2. EU legislation

There is EU legislation on :

  • Sickness and maternity
  • Accidents at work
  • Occupational diseases
  • Invalidity benefits
  • Old-age pensions
  • Survivors’ benefits
  • Death grants
  • Unemployment benefits
  • Family benefits
3. Proof of Entitlement

It is often necessary to prove to the authorities in the country of residence that an entitlement to benefit exists, either simply through nationality, or through other qualification such as the existence of children in the family. This proof is done through E-forms, which should be obtained in the country of origin. They may be obtained in the country of residence should the need arise, but this may lead to substantial delays.
The most important forms are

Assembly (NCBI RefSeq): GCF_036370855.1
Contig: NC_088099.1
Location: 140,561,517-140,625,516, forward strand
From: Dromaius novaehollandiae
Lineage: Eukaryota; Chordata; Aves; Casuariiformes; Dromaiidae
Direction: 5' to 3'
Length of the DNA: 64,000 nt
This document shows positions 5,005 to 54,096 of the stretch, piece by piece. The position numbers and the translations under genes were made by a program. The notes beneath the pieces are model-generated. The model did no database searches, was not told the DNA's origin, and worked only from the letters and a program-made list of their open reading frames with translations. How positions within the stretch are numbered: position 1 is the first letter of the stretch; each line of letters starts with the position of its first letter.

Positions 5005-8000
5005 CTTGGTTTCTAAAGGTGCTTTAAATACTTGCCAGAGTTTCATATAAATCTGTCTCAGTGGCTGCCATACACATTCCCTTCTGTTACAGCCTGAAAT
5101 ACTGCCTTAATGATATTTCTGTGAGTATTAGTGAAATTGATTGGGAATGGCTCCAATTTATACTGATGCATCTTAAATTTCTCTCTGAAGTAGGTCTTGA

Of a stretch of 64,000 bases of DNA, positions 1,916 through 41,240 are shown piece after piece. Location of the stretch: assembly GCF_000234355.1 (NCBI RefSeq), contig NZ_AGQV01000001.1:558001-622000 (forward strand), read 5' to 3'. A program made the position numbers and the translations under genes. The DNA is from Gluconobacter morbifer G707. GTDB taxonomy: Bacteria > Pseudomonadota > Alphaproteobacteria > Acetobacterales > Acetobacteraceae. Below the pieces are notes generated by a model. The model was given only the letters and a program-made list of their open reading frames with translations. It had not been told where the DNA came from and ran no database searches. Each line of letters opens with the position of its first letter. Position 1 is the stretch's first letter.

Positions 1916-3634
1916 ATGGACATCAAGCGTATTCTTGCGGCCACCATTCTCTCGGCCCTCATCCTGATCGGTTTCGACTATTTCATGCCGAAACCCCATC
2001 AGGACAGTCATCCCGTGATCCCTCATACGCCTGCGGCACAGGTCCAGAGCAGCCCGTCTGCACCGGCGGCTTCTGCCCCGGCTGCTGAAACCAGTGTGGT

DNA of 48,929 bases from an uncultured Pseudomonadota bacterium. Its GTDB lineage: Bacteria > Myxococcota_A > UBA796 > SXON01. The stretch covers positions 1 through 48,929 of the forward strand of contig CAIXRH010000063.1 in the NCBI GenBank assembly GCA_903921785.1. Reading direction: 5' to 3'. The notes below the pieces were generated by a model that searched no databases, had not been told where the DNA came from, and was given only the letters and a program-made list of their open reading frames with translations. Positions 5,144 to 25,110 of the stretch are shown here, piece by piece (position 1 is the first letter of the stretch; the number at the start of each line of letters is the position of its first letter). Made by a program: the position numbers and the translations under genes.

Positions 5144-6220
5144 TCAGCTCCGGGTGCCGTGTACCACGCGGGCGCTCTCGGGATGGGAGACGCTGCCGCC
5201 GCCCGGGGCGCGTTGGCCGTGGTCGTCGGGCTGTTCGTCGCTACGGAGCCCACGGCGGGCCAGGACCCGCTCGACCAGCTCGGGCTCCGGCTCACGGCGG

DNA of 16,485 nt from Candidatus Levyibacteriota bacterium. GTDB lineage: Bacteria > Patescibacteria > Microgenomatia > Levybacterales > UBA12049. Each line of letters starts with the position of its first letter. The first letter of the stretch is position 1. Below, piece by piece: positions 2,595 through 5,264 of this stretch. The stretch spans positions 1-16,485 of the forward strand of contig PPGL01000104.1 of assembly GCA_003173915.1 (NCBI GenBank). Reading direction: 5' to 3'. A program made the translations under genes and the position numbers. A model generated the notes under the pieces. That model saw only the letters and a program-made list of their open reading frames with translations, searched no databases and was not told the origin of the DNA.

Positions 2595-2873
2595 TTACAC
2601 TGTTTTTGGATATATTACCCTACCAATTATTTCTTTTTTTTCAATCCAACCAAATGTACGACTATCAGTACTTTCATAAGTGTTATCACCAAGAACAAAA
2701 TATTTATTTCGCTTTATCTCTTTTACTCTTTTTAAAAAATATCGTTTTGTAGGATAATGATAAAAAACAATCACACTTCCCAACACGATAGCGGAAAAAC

• Series E 100 for posted workers, and for entitlement to sickness and maternity benefit: of these,
    • E111 is for immediate access to emergency treatment
    • E119 is for job-seekers
    • E106 or E128 is for full access to health care for employed or self-employed persons and family members living with them in the same country
    • E109 is for family members living in a different country to the working person
  • Series E200 forms are used for the calculation and payment of pensions
  • Series E300 is used for entitlement to unemployment benefits
    • E303 covers job-seekers specifically
  • Series E400 covers entitlement to family benefits.

4. EU Regulations 1408/71 and 574/72 and State Social Security